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Best practices help dispel the myths of online faculty hiring practices — from Faculty Focus by Mary Bart

Excerpt:

Some of the myths include:

  • Faculty who only teach online courses are typically hired “differently” than faculty who teaching face-to-face.
  • Academic departments are reluctant to use geographically-dispersed faculty to teach online courses.
  • Little to no effort is made to integrate faculty who teach only online courses into a department’s faculty community.
  • Faculty who teach only online courses are not subject to the same kind of teaching evaluation as those who teach face-to-face courses.

Check out the Teachscape Reflect product — looks very promising!

 

http://www.teachscape.com/reflect/

 

teachscape.com

 

Excerpt:

What if you could accurately capture everything that happens in the classroom? Imagine being able to catch every detail of teaching and learning, and then being able to review the captured material online anytime, anywhere, to assess instructional practices.

By combining 360-degree video and high-quality audio capture with online collaboration tools featuring research-based frameworks—including Charlotte Danielson’s Framework for Teaching—Teachscape Reflect delivers a classroom observation system and virtual professional learning community anchored in a common definition of teacher effectiveness.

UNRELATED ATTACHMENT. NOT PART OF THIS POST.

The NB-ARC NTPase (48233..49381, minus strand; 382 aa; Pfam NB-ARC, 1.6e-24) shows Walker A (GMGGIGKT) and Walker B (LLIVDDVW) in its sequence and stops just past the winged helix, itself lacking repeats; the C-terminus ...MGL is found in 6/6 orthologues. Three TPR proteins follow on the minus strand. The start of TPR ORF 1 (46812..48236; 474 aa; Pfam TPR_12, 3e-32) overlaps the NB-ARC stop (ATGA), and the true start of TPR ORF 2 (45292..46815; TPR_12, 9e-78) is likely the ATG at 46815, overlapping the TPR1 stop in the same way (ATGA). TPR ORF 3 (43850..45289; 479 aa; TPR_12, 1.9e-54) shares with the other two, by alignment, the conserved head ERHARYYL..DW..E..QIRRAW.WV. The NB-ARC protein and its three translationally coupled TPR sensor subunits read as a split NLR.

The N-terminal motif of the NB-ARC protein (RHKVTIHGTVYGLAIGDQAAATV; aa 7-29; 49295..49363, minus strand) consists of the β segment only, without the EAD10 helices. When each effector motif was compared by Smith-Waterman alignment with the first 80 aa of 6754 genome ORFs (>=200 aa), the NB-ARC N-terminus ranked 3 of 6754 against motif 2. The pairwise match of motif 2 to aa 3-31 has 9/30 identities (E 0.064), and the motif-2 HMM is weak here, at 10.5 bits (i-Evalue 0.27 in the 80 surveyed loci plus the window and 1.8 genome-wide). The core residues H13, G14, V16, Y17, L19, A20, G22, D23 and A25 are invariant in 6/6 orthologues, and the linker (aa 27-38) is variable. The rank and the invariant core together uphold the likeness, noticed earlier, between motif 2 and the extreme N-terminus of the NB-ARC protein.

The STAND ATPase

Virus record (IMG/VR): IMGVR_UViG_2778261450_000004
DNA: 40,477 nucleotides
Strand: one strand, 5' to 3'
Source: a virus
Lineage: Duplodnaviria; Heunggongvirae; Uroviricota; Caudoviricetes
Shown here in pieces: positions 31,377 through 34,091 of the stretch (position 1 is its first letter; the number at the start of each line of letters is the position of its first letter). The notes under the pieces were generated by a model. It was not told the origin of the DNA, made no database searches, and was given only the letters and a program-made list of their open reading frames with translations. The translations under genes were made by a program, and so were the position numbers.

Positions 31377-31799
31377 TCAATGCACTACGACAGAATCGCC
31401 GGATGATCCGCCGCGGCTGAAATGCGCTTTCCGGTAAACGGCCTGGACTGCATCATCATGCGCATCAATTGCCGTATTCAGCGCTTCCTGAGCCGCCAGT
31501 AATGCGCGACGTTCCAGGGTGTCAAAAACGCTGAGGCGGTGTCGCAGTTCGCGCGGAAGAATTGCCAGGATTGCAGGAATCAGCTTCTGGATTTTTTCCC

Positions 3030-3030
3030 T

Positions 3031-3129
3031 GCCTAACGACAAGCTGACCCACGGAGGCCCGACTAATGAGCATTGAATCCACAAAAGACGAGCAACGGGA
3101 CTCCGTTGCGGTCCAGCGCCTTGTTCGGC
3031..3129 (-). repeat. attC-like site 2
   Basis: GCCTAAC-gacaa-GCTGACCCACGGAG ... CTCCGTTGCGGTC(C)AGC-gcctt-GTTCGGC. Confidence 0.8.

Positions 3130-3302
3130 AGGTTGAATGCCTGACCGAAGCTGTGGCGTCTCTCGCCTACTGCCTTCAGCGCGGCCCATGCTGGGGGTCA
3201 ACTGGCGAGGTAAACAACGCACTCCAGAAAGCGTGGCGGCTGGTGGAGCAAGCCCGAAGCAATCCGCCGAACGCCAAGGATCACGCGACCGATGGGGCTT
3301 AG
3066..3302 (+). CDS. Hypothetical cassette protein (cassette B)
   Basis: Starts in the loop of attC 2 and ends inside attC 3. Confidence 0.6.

From DSC:
We may be investigating this product for use with supporting remote student teachers. But Reflect can also be used for professional development purposes as well.

Also see:

 

Teachscape’s omnidirectional camera is used to capture in real time a 360-degree classroom scene. In the video stream it creates, both the instructor and the students can be seen. —Zhigang Zhu/Department of Computer Science, City College of New York and CUNY Graduate Center

 

New software and hardware tools are being developed to help teachers get a more panoramic view of how things are going in their classrooms

 
 

10 telling employment trends in academia — from bestcollegesonline.com; also saw this at the ASTD.org site

 

Excerpt:

The job outlook for university professors is a bundle of contradictions, confusing — and threatening — even the most prestigious of teachers. While a generation of professors is retiring and leaving new job openings, the economy is still crumbling, and slashed state budgets and diminished endowments make it difficult for schools to pay competitive salaries, or keep full-time professors on staff. Part-time and online positions are increasing, however, and professors now need to be even savvier about how they track their careers, just like professionals in other fields. Here are 10 telling employment trends for academics.

Be nice to techies — from Steve Wheeler, Associate Professor of learning technology in the Faculty of Education at the University of Plymouth